Leading medical journal, The Lancet, described women as “bodies with vaginas” on the front page of its latest edition, prompting a barrage of critical responses on social media condemning the publication for misogyny and erasure of women.
The backlash prompted the editor-in-chief of The Lancet, Richard Horton, to issue an apology to readers “who were offended.” Refusing to budge on the impropriety of referring to women as “bodies with vaginas,” Horton chose instead to only address those who took offense to the journal's description of women.
British political commentator Piers Morgan slammed The Lancet for its description of women, stating, “What the hell are you talking about? They’re called WOMEN.”
GB News presenter Andrew Doyle asked, “If I were to ask a rabid misogynist for a synonym for ‘women’, I think ‘bodies with vaginas’ would be at the top of his list.”
Self-described “Black radical feminist” Claire Heuchen, better known as Sister Outrider, stated: “This framing makes it sound like a coincidence that ‘bodies with vaginas’ have been neglected by medicine, as if it were not the product of a discrimination and oppression specific to the female sex. Medical misogyny exists - and refusing to acknowledge women perpetuates it.”
Doctor Phil Hammond stated, “Top tip for all bodies with penises. Don’t ever serenade with ‘You’re more than a body with a vagina to me’, no matter what the Lancet advises.”
Following the backlash, Horton told the Daily Telegraph, “I apologise to our readers who were offended by the cover quote and the use of those same words in the review,” according to the Daily Mail.
The article, which was published on September 1, is an exploration of the taboos and history of menstruation at the Vagina Museum in London, and features the word “women,” but occasionally substitutes it with the term “bodies with vaginas.”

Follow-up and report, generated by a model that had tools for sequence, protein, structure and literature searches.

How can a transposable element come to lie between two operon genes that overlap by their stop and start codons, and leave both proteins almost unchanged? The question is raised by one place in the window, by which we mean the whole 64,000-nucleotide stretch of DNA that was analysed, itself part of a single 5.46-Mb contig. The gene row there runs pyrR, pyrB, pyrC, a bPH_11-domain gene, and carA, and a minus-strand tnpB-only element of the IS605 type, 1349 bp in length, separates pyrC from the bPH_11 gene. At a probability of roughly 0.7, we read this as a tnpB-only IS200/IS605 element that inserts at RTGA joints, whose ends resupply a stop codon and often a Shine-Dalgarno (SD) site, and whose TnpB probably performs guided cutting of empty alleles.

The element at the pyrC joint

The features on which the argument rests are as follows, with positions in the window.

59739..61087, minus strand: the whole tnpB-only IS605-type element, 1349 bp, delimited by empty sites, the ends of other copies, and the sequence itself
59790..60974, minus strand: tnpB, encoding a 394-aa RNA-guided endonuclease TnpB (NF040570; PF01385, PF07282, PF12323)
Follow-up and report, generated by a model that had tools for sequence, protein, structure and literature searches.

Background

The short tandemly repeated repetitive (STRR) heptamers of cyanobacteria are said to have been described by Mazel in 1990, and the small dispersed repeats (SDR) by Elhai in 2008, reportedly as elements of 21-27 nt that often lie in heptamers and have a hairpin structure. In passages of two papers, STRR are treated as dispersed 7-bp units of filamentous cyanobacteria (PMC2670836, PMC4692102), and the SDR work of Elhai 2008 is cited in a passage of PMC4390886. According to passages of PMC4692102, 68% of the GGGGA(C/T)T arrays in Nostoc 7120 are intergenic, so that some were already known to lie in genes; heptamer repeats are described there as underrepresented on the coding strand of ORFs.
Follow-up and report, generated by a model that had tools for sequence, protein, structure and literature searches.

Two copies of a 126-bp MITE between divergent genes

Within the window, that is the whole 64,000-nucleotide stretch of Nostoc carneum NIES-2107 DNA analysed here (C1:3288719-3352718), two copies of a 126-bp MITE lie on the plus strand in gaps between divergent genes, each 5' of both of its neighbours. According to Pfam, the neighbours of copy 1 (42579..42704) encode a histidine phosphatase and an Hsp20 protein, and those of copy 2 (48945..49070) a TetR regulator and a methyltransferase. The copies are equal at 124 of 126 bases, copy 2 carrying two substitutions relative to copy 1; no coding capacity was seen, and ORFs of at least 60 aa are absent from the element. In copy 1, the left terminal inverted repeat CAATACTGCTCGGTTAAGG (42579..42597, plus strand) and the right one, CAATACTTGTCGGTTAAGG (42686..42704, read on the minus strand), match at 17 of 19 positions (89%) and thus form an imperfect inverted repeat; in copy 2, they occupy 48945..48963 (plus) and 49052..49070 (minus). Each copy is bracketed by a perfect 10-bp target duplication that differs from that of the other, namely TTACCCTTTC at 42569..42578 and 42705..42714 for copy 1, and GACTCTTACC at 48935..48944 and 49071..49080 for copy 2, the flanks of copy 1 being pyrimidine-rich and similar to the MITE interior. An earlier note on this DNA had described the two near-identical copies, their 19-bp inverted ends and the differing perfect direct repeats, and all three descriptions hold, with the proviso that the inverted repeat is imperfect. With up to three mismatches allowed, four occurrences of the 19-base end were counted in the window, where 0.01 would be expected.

A quote from the article was used on the journal’s front page stating, “Historically, the anatomy and physiology of bodies with vaginas have been neglected.”
Efforts to erase women with dehumanizing terms like “bodies with vaginas” is a growing trend in the medical field, and comes months after Brighton and Sussex University Hospitals NHS Trust directed staff members to substitute “mothers” and “breast milk” with “birthing parents” and “human milk,” Rebel News reported in February.
Adding to his non-apology, Horton, who has been the editor-in-chief of The Lancet for over 25 years, stated: “I would like to thank all those who have responded to the words on this week's Lancet cover and understand the strength of feeling it has provoked. The Lancet strives for maximum inclusivity of all people in its vision for advancing health.”
“'In this instance, we have conveyed the impression that we have dehumanised and marginalised women,” he added. “Those who read The Lancet regularly will understand that this would never have been our intention.”
Horton explained that the article was “a compelling call to empower women,” but that the journal intended to “emphasise that transgender health is an important dimension of modern health care, but one that remains neglected.”